Our August Paper of the Month looks at the first study to report normative data for the LARS Score.

Ann Surg. 2018 Mar 28. doi: 10.1097/SLA.0000000000002750.


What is known on the subject?

The LARS Score is a 5-item scoring tool, measuring bowel dysfunction after restorative surgery for rectal cancer. The score has been validated, evaluated or used as an outcome measure in more than 30 published scientific papers since 2012. However, many patients with rectal cancer present with bowel symptoms similar to those included in the definition of LARS and these pretreatment symptoms could reflect disease and/or the patient’s normal bowel function.

What this study adds?

This is the first study to report normative data for the LARS Score and the results are very informative. Indeed, the authors report that in the age group 50-79 years, relevant for most rectal cancer studies, 19% of the females and 10% of the males scored ≥ 30 points corresponding to ‘major LARS’. Female sex and comorbidity were both independant factors associated with major LARS. These results suggest that some patients with rectal cancer, especially women and patients with comorbidity, are already affected by bowel dysfunction before developing cancer. These patients are likely to have adapted to a life with bowel dysfunction and may not feel as severely affected as patients without any bowel dysfunction before the rectal cancer diagnosis.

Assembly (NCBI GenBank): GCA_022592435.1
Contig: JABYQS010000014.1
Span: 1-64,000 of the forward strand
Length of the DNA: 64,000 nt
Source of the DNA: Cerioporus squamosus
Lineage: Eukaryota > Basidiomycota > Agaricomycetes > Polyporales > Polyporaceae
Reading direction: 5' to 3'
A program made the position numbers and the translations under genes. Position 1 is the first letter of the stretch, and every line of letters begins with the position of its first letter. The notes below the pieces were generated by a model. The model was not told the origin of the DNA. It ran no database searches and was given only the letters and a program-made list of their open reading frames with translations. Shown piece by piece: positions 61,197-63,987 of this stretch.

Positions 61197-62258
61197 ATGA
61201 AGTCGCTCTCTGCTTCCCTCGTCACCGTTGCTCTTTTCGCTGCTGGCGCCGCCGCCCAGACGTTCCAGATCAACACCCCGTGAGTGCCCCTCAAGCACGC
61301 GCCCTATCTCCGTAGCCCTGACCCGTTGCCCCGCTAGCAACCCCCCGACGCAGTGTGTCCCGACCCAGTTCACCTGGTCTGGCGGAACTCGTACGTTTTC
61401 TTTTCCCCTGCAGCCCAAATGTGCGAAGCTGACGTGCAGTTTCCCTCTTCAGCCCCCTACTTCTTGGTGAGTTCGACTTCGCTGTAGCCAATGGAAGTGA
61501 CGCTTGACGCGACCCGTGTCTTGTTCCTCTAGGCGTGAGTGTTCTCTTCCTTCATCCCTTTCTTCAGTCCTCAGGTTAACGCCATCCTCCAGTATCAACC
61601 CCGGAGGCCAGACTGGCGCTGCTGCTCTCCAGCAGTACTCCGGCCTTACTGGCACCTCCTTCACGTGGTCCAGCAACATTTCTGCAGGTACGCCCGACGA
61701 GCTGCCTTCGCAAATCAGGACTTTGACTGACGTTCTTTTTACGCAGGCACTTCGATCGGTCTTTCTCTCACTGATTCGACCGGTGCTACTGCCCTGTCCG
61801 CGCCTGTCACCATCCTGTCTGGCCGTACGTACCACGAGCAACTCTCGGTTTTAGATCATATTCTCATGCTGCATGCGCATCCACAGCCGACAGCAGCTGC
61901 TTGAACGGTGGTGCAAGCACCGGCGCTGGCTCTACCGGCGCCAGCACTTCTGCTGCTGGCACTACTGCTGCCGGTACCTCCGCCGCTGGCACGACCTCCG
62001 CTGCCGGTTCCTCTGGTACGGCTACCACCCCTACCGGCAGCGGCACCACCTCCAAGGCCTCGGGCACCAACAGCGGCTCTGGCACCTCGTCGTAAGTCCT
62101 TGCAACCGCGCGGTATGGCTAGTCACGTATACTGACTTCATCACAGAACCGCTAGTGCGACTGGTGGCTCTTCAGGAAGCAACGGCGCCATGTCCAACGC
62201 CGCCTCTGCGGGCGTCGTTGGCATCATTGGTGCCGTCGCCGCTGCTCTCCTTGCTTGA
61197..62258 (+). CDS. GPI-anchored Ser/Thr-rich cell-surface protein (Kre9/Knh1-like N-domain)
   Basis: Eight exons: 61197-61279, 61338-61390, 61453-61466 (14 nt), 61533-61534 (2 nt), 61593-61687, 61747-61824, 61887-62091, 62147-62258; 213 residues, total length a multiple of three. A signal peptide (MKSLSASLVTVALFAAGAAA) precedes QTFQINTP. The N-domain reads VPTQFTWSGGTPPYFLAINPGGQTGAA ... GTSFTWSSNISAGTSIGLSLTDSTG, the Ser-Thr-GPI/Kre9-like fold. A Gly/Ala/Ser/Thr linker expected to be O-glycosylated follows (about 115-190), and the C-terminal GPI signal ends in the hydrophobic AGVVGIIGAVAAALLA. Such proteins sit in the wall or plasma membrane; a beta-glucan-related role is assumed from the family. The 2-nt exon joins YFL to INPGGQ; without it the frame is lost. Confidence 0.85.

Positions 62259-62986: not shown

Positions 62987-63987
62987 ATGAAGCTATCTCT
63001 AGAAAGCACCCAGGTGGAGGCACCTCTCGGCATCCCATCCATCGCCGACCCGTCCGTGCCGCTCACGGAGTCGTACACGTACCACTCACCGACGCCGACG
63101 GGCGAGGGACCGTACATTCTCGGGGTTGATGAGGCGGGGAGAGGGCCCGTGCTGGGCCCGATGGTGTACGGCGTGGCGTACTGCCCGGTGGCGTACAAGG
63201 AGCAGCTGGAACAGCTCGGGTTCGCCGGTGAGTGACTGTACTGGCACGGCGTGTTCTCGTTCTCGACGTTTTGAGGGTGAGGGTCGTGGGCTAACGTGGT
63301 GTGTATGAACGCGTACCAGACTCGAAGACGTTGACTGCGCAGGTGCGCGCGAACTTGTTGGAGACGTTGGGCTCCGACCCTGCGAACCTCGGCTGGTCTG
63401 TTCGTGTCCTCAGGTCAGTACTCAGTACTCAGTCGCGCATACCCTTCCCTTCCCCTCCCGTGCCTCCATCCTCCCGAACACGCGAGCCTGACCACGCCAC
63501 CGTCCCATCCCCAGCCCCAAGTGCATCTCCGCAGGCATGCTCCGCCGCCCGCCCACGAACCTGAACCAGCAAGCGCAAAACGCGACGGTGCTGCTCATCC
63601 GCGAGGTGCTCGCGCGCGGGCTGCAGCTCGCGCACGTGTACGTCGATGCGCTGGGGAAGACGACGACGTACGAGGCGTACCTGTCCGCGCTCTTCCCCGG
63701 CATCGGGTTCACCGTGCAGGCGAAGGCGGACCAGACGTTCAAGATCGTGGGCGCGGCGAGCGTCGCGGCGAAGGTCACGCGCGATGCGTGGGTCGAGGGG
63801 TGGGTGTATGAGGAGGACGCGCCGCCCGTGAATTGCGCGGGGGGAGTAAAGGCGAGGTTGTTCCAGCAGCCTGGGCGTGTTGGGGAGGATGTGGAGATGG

Implications for colorectal practice?

First, normative data for the LARS score should be considered when interpreting LARS Score results in scientific studies of bowel dysfunction after rectal cancer.

Secondly, in our daily practice, taking into account that bowel dysfunction and alteration of the quality of life are the main limits of restorative surgery after TME, all surgeons performing TME should consider a bowel rehabilitation programme for their patients. This paper underlines that the goal of this rehabilitation should not be the same for all patients but have to be discussed and individualized according to the patient’s bowel function before rectal cancer.

ESCP Affiliates